HisMastersVoiceSignI had a dog once, Brit. I came out of a bad marriage with nothing but that dog and she was the best thing that happened to me back then. I left with a fortune you could say.

She was a Pekingese, grayish-tan, fiercely loyal, and she’d fight a mountain lion for me. In her ninth year, something far worse that a lion confronted her: a baffling disease.

I took her to several vets, none could help her, and things kept going downhill. Her final two days were spent in an oxygen tent at a clinic. Dr. Morrison, a tall lanky veterinarian put his hand on my shoulder one summer morning in 1985.

“Son, you really love that dog don’t you.”

“Yes sir, I do.”

“That’s why you’re going to let her go.”

And I did. I said the long goodbye and was utterly lost. It was one of the hardest things I’ve ever done. Dad buried her back home in my land in Lincoln County, Georgia, a hardwood-clad hill, the kind of place Brit loved to explore. A few days after she died, a test came in revealing she had lupus.

Losing Brit hurt so bad I never got a dog again—that was almost a quarter century ago—and for that, my life has been poorer. I just can’t put myself through a loss like that again. Selfish of me in a way because homeless pets need a home.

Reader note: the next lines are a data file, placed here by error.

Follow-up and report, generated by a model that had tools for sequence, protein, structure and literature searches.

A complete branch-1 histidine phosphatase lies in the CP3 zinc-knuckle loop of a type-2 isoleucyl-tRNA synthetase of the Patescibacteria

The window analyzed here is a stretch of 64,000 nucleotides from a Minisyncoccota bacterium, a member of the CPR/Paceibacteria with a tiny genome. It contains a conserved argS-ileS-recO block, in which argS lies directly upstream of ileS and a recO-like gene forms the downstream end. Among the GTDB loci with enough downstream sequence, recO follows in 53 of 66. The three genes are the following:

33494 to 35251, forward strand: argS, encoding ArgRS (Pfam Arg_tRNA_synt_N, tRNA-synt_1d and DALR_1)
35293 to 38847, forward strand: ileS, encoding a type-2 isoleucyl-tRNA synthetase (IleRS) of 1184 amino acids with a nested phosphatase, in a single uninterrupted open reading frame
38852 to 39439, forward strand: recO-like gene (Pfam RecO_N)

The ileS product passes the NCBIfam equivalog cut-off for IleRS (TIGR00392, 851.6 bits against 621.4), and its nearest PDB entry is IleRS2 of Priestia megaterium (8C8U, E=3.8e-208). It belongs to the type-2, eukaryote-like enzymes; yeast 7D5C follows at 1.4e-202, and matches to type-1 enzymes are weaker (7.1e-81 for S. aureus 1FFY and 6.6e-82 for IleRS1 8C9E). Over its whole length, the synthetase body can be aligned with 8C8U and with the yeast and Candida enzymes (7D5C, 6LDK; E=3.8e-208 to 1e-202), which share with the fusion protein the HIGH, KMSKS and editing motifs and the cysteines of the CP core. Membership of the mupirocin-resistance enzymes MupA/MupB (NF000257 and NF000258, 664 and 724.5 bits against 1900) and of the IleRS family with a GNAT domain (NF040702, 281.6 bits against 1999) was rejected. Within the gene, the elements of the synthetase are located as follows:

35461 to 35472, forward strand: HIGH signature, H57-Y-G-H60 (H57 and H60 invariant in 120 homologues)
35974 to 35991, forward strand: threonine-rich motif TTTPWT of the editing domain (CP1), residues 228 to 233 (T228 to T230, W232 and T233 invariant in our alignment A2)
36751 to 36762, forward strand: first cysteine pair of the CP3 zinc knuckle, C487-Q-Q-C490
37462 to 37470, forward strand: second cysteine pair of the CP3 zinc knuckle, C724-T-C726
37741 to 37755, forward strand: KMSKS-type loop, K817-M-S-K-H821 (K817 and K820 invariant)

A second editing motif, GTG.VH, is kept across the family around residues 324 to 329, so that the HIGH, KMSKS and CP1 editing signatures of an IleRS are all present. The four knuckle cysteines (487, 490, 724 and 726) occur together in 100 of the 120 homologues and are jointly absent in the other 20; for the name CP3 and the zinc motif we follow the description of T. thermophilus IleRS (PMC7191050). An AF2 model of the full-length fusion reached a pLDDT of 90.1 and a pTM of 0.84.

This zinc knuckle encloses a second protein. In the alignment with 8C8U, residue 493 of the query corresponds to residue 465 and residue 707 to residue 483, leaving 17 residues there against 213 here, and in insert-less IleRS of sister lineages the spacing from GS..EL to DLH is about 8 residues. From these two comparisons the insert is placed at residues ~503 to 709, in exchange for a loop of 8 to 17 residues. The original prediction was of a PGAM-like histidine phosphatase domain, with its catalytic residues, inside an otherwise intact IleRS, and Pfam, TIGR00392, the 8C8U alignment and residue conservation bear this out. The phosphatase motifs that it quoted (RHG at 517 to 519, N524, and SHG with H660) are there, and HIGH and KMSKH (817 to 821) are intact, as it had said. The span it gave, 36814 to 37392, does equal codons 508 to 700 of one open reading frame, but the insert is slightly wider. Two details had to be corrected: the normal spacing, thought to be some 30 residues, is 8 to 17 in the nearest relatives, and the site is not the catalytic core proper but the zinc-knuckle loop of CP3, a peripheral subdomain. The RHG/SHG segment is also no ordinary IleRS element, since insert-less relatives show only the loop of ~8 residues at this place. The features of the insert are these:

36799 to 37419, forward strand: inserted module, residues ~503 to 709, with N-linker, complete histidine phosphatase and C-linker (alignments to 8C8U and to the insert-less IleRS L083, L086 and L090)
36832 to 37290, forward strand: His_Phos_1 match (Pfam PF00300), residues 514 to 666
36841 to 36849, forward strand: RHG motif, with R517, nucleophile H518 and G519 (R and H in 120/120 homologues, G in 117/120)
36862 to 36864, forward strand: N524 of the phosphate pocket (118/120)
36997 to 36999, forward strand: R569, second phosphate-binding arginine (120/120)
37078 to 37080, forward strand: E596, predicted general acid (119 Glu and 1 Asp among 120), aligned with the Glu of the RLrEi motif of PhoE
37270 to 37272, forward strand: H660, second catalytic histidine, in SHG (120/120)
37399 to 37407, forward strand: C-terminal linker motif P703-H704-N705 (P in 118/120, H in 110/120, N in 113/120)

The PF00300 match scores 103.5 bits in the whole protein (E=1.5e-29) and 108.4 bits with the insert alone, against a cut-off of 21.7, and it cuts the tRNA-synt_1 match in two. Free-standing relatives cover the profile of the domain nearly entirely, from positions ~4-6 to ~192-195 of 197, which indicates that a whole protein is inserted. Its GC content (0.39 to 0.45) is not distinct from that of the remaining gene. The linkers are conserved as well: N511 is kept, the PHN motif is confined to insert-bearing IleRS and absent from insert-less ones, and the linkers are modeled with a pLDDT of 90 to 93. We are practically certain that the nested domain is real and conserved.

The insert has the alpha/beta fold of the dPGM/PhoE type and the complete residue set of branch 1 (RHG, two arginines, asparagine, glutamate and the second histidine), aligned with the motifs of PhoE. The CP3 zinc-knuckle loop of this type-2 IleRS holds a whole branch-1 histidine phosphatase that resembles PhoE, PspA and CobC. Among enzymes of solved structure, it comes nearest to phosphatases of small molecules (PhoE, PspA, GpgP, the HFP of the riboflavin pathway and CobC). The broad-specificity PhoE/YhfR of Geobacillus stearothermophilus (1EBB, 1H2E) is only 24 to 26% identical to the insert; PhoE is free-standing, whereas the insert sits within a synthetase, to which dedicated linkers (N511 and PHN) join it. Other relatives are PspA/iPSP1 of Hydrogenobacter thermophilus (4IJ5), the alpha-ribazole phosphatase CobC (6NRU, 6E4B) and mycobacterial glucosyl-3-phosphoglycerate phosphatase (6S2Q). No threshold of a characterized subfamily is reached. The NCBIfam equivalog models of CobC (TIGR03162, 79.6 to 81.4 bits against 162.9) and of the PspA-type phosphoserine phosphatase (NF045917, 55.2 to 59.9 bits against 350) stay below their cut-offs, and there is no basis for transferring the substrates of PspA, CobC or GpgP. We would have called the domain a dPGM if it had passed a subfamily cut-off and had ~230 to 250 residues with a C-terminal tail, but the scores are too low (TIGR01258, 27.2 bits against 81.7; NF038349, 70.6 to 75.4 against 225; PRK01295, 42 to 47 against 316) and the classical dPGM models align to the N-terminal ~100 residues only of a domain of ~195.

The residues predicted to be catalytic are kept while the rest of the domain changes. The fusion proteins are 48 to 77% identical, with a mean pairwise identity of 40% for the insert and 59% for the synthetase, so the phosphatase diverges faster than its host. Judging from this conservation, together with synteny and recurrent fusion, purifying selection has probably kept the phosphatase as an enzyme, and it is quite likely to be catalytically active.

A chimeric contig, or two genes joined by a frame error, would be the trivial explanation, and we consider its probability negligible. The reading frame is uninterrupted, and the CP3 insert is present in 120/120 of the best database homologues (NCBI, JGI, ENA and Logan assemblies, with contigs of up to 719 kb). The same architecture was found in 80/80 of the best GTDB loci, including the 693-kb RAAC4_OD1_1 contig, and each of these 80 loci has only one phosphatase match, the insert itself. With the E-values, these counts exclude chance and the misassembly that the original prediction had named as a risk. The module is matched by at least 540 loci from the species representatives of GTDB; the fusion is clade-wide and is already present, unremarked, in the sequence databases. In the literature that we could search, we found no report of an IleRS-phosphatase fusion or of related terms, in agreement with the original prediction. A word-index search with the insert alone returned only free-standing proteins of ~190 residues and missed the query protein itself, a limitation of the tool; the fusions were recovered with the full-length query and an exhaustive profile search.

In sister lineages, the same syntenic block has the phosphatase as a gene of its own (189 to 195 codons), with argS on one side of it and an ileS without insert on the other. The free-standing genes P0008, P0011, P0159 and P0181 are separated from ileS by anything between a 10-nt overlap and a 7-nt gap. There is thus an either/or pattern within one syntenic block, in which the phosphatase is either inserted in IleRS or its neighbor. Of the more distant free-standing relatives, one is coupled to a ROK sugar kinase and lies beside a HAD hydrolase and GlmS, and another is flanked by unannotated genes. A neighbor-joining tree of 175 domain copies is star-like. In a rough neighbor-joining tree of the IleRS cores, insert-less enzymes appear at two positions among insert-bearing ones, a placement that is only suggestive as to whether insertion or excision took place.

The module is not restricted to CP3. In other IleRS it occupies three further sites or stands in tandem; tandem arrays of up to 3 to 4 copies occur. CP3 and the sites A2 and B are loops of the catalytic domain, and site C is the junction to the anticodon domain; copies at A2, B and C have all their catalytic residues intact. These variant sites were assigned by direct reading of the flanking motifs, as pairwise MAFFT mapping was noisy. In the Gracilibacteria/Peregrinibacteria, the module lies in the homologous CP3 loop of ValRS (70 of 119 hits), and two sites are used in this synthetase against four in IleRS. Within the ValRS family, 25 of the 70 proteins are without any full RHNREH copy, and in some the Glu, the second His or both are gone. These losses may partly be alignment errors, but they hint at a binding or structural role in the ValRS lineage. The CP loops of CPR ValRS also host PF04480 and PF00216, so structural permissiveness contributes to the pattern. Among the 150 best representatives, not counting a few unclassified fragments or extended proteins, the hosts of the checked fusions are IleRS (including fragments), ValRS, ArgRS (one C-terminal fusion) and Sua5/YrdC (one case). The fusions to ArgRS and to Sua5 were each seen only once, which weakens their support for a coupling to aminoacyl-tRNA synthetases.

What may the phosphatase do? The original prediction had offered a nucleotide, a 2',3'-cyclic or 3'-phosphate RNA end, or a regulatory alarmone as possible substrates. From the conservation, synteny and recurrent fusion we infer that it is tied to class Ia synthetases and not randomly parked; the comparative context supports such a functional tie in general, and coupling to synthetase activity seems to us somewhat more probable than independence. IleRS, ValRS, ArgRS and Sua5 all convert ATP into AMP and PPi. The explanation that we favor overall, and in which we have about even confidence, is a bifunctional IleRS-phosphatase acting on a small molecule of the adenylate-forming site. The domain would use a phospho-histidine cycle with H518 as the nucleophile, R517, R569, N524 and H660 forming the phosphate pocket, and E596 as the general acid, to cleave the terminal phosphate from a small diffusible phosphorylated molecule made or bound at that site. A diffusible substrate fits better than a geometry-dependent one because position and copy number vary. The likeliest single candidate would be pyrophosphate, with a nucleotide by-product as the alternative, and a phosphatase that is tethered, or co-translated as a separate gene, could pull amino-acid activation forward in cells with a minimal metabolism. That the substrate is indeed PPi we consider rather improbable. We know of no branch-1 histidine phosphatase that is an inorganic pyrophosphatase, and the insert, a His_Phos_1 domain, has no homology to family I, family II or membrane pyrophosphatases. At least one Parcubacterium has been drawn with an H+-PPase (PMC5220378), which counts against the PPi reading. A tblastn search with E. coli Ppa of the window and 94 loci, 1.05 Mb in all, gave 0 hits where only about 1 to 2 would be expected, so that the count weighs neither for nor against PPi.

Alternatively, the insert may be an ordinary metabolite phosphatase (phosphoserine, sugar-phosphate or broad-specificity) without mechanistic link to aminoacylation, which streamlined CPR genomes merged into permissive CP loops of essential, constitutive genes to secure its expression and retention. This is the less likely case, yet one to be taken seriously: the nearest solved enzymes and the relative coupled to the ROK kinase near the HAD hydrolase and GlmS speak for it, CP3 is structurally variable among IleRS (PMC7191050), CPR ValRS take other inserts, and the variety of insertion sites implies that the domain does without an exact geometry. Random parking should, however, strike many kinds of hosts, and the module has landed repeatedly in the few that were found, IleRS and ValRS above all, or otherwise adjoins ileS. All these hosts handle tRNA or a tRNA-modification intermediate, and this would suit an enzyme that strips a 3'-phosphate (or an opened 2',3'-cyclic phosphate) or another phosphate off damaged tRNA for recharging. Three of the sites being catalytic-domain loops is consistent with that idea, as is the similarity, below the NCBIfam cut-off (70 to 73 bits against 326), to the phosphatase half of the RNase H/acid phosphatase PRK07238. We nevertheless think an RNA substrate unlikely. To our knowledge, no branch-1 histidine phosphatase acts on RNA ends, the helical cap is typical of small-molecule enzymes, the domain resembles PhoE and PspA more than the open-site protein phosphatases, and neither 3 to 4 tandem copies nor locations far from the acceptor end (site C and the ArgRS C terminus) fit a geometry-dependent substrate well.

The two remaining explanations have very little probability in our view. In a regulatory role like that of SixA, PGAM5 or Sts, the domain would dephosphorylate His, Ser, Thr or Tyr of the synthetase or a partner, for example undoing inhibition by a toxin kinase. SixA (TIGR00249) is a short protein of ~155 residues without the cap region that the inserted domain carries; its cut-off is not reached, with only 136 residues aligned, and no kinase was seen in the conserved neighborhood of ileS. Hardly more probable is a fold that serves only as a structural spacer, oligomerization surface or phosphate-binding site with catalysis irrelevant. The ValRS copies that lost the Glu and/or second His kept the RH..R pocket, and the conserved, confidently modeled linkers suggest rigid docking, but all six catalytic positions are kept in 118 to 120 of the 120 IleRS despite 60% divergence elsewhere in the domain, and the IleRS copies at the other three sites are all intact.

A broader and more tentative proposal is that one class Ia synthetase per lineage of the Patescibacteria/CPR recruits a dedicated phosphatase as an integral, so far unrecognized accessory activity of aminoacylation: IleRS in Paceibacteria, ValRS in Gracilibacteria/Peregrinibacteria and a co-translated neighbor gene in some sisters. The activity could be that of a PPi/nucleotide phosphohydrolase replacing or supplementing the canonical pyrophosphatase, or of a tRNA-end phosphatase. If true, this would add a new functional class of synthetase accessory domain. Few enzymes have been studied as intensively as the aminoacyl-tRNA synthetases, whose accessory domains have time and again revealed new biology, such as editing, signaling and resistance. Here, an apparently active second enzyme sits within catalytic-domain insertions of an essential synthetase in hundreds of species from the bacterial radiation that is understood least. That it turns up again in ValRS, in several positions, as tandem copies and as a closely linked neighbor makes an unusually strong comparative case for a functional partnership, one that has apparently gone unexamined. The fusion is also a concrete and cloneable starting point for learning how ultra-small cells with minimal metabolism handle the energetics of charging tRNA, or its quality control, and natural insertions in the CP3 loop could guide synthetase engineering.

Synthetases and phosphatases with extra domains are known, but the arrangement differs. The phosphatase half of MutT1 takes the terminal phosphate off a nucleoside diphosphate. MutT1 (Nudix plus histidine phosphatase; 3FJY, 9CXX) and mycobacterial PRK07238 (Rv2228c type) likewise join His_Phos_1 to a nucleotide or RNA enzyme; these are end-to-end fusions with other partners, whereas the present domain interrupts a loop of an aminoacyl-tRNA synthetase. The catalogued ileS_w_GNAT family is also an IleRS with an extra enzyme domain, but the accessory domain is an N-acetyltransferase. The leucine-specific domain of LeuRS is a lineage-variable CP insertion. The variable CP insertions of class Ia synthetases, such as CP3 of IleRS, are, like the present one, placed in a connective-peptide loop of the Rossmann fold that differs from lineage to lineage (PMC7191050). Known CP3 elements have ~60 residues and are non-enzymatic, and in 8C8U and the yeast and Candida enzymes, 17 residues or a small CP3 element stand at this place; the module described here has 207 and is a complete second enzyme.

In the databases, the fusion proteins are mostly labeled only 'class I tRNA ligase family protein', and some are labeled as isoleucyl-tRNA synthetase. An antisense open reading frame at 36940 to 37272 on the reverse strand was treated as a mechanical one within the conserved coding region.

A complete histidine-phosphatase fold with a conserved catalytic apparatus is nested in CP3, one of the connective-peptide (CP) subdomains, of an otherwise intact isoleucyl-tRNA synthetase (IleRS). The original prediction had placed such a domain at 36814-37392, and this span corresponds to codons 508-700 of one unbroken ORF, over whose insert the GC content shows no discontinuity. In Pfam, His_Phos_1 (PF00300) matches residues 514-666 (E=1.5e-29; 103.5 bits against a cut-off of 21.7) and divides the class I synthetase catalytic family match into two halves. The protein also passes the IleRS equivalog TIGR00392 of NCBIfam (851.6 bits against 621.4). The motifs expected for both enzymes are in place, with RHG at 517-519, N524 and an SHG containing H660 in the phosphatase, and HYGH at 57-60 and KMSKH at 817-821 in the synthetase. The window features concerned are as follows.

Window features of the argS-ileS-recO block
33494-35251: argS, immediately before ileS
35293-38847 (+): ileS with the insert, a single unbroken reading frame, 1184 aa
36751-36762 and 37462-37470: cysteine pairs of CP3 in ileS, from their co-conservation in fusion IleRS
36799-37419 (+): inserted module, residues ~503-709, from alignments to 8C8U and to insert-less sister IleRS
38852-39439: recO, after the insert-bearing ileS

Pets need kids, too, just as kids need pets. A family visit brought this into focus recently. My daughter, Beth, and her family paid me a visit in January. Beth has three kids but they can’t have pets because the oldest boy, Ben, has asthma and pets give him a hard time. So they’re petless, a sensible choice that nonetheless carries a sacrifice: missing out on the lessons pets provide.

Pets teach children lessons they’ll carry throughout life. Things like unconditional love—they love you no matter your failings. And vital lessons on friendship, responsibility, loyalty, and devotion come gift-wrapped in fur.

To have a pet is to be responsible. You’ve got to feed them and take care of them. You’ve got to clean up behind them at times. Not a lot of fun. You’ve got to teach them discipline but the joy of seeing them light up when you walk into the room makes it all worthwhile. Work and play, life’s great counter-balancing weights, begin with pets.

You learn, too, that you have limits. A snarl or worse a nip or a sharp rake of claws says, “Hey watch it. I have rights too.”

But what great joy their little personalities bring. My little Brit would prop against the living room window and look for me at day’s end just when I would come home from work. On seeing my car, she’d dance and bark. That’s a pretty good welcoming committee. She loved to ride in the car and every night I’d think of some reason to take her with me to the supermarket. Long after she died, I continued to go to the grocery store, night after night. It took many years to break that tradition.